Does everyone have a shadow?

In Jungian theory we all have a shadow and it’s made up of two components. There’s a personal shadow and then there’s the collective shadow. To keep things simple I’ll talk mostly about the personal shadow.

Where do our shadows come from?

So, we’re born with all kinds of potential and in the course of growing up and developing a healthy, functioning ego, we find there are parts of ourselves that we have to push aside. This is normal. It’s necessary. It’s healthy. It happens to all of us. Some of what gets relegated to the shadow is stuff that really might cause a problem in a collective society like aggression or greed. But also a lot of what gets pushed into the shadow might be more constructive.

What are some ways to identify what’s in our shadow?

In every family there is usually something that you are not supposed to be. In some families you are absolutely not supposed to be lazy and if you wind up sitting around watching TV that is the worst thing and it means that you’re lazy. Other families you might not be allowed to be impractical or whimsical. In my family you were not allowed to be immodest or boastful. If you’re wondering about your shadow, it can be helpful to ask yourself what was the one thing you were not allowed to be in your family. That will often be a clue to what might be in your shadow.

Why is it useful to examine one’s shadow?

When shadow is totally unconscious we tend to project it. When you feel really hot outrage at someone else, you need to ask yourself: “Where is that in me? What’s that about internally?”

The other reason that it’s helpful to do shadow work is that a lot of what is in the shadow is actually full of vitality and energy that we can use in service to life and growth. Jung reportedly said once that 99% of the shadow is pure gold.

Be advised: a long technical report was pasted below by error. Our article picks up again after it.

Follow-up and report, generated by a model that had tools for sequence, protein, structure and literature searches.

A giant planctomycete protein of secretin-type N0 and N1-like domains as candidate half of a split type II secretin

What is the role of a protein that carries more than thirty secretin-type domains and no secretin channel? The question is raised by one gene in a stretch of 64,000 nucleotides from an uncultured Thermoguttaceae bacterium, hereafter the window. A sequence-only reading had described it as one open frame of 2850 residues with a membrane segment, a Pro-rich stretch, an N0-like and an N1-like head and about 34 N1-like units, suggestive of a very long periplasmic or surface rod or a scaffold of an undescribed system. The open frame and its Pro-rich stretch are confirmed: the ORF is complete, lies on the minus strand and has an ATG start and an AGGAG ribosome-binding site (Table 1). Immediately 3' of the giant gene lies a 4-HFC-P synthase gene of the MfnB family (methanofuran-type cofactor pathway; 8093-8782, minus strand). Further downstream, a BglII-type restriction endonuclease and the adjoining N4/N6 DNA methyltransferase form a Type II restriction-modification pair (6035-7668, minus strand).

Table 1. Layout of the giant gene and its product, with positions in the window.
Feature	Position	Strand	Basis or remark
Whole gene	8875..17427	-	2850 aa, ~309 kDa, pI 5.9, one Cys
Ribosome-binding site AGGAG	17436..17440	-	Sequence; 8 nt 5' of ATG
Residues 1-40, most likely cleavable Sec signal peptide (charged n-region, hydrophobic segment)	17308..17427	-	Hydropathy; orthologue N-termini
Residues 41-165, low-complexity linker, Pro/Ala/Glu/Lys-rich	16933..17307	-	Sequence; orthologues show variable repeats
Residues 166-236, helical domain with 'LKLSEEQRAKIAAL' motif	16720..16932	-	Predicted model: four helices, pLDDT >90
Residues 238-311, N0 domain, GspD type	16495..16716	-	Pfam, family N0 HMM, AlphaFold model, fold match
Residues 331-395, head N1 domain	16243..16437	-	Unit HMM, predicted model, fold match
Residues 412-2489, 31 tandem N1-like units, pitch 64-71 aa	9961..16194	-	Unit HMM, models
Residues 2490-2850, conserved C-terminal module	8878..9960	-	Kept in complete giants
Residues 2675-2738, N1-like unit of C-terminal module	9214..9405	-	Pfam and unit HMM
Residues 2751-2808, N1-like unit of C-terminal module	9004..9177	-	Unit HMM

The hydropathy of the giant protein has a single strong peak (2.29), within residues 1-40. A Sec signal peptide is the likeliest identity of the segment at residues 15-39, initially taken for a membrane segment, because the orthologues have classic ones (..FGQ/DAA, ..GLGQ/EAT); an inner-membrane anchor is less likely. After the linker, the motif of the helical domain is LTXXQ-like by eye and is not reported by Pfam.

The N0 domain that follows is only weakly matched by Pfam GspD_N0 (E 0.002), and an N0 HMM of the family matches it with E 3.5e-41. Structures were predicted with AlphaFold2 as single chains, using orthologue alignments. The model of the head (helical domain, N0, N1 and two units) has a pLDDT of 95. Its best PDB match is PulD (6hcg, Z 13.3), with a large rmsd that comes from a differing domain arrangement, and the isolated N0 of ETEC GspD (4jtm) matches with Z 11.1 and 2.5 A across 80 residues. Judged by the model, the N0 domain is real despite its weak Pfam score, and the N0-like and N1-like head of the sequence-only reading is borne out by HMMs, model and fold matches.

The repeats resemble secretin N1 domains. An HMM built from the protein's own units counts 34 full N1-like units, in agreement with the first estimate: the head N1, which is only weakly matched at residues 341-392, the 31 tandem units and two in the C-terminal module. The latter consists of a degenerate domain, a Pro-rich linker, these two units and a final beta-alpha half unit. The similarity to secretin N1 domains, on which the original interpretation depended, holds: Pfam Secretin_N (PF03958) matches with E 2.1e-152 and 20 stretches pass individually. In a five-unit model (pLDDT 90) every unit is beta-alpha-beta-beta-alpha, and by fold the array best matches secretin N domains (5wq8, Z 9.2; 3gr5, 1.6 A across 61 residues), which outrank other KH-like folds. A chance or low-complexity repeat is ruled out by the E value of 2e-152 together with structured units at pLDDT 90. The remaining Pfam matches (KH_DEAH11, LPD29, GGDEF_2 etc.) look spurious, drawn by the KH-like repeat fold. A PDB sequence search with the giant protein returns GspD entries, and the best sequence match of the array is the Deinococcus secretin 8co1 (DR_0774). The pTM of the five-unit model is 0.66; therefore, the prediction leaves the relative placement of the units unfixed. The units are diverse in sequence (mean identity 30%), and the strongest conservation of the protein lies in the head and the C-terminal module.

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To use myself as an example, I was like, “I can’t seek center stage, I can’t look for attention, I have to be very modest.” But when I got over myself a little bit and did my shadow work, my ability to put myself out there has proven to be very vivifying and enlivening and it has helped me in my career.


How does one embark on shadow work?

The first answer to that is to get curious about what’s in shadow. Notice what gets you really hot. When do you have an outsized reaction of outrage to someone or something? When do you notice that sense of self-righteousness and that huge inflation that comes with being just and on the right side of history? It might be good to say, “Hmm. Wait a second. Who am I hating on right now? And where might that be in me?”

And then just continuing to be open to that. Where might we be a little greedy, a little selfish? Where might we be behaving in shadowy ways?

Why do you think this idea is resonating so strongly right now?

I think that Jung’s ideas have a perennial quality. They always return and with renewed freshness and interest. I definitely think “The Shadow Work Journal” helped it initially, but why did it catch fire? Why did it explode in the public imagination?

I think people appreciate Jung’s ideas and return to them because they sense that there is just an inherent truth in it.

As a Jungian analyst who has gone through years of training, does it worry you at all to see these ideas floating around social media?

Jung said our ability to do this work could make the difference between whether or not the human race survives. And given how polarized we are, I don’t know that I disagree with that. So in a way, it’s very gratifying to hear that this kind of language is permeating social media.

But I know that things can get flattened and oversimplified and changed on social media so I’m not without some concern about it. One of my concerns is the idea that shadow work is something you can do and be done with. That’s not the way it works. You’re always working on shadow — you can’t make it go away. What you can do is strive to be more conscious of it.